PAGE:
The Problem With Exotic Species Gets Worse

I found this on the Bluebird Recovery Program of Minnesota site:

The U.S. Congress just passed two identical bills of importance to bluebirders. The bills reauthorize the soon -to- expire Migratory Bird Treaty Act, and added clarification to specifically state that invasive, exotic species are NOT federally protected. This overruled a recent court decision which interpreted the act as including exotic species. With this strong new federal interpretation of the act, states may now be able to add language to their own rules and statutes regarding state’s control of exotic species.

The Minnesota Department of Natural Resources (MN DNR) is right now in the process of reviewing their rules, and has asked for comments. Of particular interests to us is statute 84D.12, subd,3 under Rule #6216, which states that it is illegal to introduce certain regulated or prohibited exotic species into the state. The Bluebird Recovery Program urges people to write and request two changes:

  1. Include the exotic house sparrow and European starling in the regulated invasive species category, and
  2. change the wording of statute 84D.12, subd 3 (which states that it is illegal to introduce regulated exotic invasive species), to include the words “or release”.

With these two changes, it would be illegal in Minnesota to rehabilitate house sparrows and release them again into the wild (or trap them and release). Hundreds of volunteer hours and donations are spent by rehabilitating centers in treating and releasing house sparrows. Over 700 house sparrows and starlings were released last year by just one rehab center.

Help stop this cycle of releasing rehabilitated house sparrows which in turn cause death or injury to our native song birds, some of which may survive to be treated by rehabilitation centers!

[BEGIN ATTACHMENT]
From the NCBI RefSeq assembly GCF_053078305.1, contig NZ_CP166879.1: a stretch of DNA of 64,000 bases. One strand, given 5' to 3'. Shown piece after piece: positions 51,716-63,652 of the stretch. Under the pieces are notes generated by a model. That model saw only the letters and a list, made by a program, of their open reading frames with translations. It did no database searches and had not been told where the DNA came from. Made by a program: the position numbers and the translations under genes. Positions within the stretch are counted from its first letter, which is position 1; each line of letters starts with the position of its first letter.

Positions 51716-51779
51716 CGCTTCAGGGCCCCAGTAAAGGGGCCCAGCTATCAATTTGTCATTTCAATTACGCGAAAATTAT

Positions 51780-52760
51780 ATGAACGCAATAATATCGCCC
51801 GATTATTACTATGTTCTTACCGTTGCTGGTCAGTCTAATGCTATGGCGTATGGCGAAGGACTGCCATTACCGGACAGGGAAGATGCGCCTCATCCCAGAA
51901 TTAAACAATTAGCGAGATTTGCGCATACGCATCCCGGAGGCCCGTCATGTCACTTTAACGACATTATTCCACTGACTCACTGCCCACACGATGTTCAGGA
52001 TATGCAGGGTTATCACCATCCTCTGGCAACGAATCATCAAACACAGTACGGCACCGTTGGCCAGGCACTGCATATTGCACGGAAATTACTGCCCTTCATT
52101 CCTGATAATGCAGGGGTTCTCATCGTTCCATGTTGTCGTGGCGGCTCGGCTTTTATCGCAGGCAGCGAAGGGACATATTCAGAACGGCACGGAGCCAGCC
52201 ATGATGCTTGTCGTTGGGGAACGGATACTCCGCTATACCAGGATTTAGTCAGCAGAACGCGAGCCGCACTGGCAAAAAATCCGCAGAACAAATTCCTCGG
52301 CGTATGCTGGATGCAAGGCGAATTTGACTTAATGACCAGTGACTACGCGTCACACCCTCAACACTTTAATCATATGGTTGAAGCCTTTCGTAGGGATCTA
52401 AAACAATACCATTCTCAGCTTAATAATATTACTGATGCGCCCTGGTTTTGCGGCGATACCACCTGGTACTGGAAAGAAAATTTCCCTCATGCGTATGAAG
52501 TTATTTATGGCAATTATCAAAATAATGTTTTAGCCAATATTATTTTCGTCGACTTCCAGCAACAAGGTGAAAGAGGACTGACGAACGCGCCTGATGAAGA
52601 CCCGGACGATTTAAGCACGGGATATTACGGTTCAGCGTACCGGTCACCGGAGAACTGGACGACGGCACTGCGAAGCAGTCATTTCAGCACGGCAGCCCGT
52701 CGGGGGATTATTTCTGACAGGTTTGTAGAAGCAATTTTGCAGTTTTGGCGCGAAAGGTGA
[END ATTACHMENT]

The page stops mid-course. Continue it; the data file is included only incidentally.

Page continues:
Some of the DNR rules were adopted by emergency power given to them to act quickly when invasive species appear, to prevent further spread. The DNR needs to make permanent these rules, and can do so without having to go through the legislature.

Comments should be submitted by April 1 in writing, by phone, or by email to:

Steve Hirsch
Division of Ecological Services, MN DNR
500 Lafayette Road
St. Paul, MN 55155-4025

Phone: 651-297-4928


I am very disturbed by it. If it's passed, it will be illegal for any rehabber to treat and release an injured house sparrow, starling or pigeon. I know these species have been a part of the decline of native species--I have even found a nuthatch that was killed by a house sparrow, but if this law goes into effect it will not slow down the bird populations of these invasive species.

To top it off, most of the people who drop off baby birds at wildlife rehab centers don't know the difference between house sparrows and cardinals. Picture this: a child comes in carefully carrying a box that has a baby bird nestled inside. The child feels bad and wants to help. The rehab center then opens the box sees a house sparrow and says, "Sorry, kid, if we help this bird, we can't release it so we'll have to put it to sleep." That's just going to turn kids off to wildlife. It also encourages people to raise wildlife on their own, which is much worse.

The statistic that is used is way off. The only rehab center I know in Minnesota that could have possibly taken in the number of birds below is the Wildlife Rehabilitation Center in Minnesota and even if they did take in that number, they only have a 20% success rate in treatment so most were euthanized anyway. (I'm really getting worked up now) And, in the grand scheme of things the number taken in is not even a drop in the bucket of the total population of these birds. You can do far more for native bird species with proper bird house management than by telling a wildlife rehabilitation facility what they can and cannot treat.

Feel free to contact the DNR with your own thoughts, but I intend to tell him that this law if enacted would do WAY more harm than good.